A New York State grand jury indicted Rensselaer County District Attorney Joel E. Abelove on charges of official misconduct and perjury on Friday afternoon. The indictment stems from Abelove’s concealment of evidence about the shooting of an unarmed black man by a Troy police officer, and allegations that Abelove lied during a subsequent investigation. According to the indictment, Abelove repeatedly interfered with Attorney General Eric Schneiderman’s efforts to investigate the killing of 37-year-old Edson Thevenin, who was shot eight times by police sergeant Randall French following a traffic stop gone awry.
Schneiderman, under Governor Andrew Cuomo’s 2015 Executive Order, is required to investigate and, if warranted, criminally prosecute cases in which police have killed unarmed civilians in New York state. In the immediate aftermath of Thevenin’s death, Schneiderman’s Special Investigations and Prosecutions Unit, requested that Abelove’s office provide copies of the investigative files about the shooting. Abelove, however, pointedly stymied Schneiderman’s investigation. Rather than provide the information to the Attorney General, Abelove presented a truncated version of the case to a grand jury that ultimately cleared French of any wrongdoing less than a week after the shooting.
“As we allege, District Attorney Abelove’s actions violated the law and undermined a criminal investigation,” said Attorney General Schneiderman. “The Governor’s Executive Order was designed to restore public confidence in our criminal justice system — yet the actions we detail today only served to further erode that confidence.”
Abelove’s efforts to shield a police officer from criminal liability for the shooting death of an unarmed civilian is exactly the type of conflict of interest that Cuomo’s Executive Order is meant to avoid.
On April 17, 2016, Thevenin was pulled over by French on suspicion of drunk driving. Following a short chase, where French claims Thevenin attempted to run him over, French shot Thevenin eight times through his windshield. By the next day, Troy’s mayor, its police chief, and its district attorney, Abelove, were in agreement about what happened: Thevenin had tried to run over French. Within four days, Thevenin brought the case before a grand jury, which decided not to indict French. However, just hours after the shooting, the state’s attorney general, under the 2015 Executive Order, had decided to investigate the shooting, asking Abelove to hand over investigative files relating to the case — and to hold off on convening a grand jury before the the AG decided whether to intervene or not.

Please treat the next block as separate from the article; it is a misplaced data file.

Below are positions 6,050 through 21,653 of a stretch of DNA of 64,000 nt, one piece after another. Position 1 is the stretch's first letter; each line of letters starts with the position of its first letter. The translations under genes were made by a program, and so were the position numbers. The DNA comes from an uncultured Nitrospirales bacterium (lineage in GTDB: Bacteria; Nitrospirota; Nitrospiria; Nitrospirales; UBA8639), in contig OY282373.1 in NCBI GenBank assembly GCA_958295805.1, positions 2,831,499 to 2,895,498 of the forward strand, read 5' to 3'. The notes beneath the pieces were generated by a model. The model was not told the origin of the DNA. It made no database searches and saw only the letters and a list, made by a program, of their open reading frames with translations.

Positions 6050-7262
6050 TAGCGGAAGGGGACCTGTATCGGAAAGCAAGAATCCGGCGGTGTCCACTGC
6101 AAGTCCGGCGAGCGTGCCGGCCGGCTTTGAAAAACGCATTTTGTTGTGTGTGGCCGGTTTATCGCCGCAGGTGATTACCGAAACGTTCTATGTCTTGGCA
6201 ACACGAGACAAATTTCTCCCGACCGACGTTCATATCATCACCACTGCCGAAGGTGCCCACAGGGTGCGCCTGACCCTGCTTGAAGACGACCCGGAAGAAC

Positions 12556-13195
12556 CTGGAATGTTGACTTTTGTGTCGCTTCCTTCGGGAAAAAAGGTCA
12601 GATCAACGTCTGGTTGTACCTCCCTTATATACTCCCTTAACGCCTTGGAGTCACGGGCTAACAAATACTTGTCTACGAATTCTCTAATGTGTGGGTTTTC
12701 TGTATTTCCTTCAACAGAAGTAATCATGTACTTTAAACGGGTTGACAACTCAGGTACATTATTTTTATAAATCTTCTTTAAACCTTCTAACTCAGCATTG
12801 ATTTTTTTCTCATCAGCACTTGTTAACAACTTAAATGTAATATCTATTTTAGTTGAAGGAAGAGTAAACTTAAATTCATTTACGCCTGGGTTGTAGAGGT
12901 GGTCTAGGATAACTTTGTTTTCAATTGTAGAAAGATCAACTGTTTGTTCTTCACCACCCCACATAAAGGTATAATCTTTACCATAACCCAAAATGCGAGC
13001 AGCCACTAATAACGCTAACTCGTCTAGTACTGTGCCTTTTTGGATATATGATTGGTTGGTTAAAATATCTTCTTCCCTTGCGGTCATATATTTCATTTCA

The first count of official misconduct against Abelove stems from allegations that he “knowingly withheld material evidence” from the grand jury. There are two potential pieces of information that should have been presented to the grand jury. First, two civilian witnesses came forward with accounts — including cell phone video — that directly undermined French’s justifications for the shooting. Abelove did not present either eyewitness account to the grand jury. Second, since Abelove convened the grand jury just four days after the shooting, the autopsy report on Thevenin had not been completed — denying the grand jury of evidence to potentially contradict French’s assertion that Thevenin was intoxicated.
Abelove’s handling of French’s own self-serving testimony led to the second count of official misconduct. Abelove compelled French to testify before the grand jury, but failed to require him to sign a waiver of his Fifth Amendment privilege against self-incrimination or immunity from prosecution before doing so. In failing to secure the waiver, Abelove effectively — and, according to the indictment, knowingly — immunized French from any criminal prosecution by the AG’s office.
It is incredibly rare for someone connected to a possible crime who is testifying in front of a grand jury to not sign a waiver of immunity from prosecution, and often police officers who feel that their testimony would implicate themselves do not sign the waiver and also do not testify in front of a grand jury.
The grand jury, hearing testimony only from police officers, quickly cleared French. It is highly unusual for a grand jury determination in a police-involved killing to be made in New York State in under a week — for example, the grand jury looking into the Eric Garner killing took over four months to come to a decision. In 2015, Abelove’s office presented a case to a grand jury involving a shootout between police officers and a suspect, Thaddeus Faison, who was eventually killed by the officers. The Faison grand jury issued its ruling more than 75 days after the incident. To many observers, the speed with which Abelove rushed the process in the French case was no mistake.
Schneiderman promptly sued Abelove following the grand jury’s decision, claiming that Abelove had “flagrantly violated” Cuomo’s executive order. The AG demanded that Abelove hand over all files relating to the case, stop investigating the case, and “annul” the grand jury decision. Abelove agreed to hand over the files and stop his investigation, but refused to vacate the grand jury’s decision.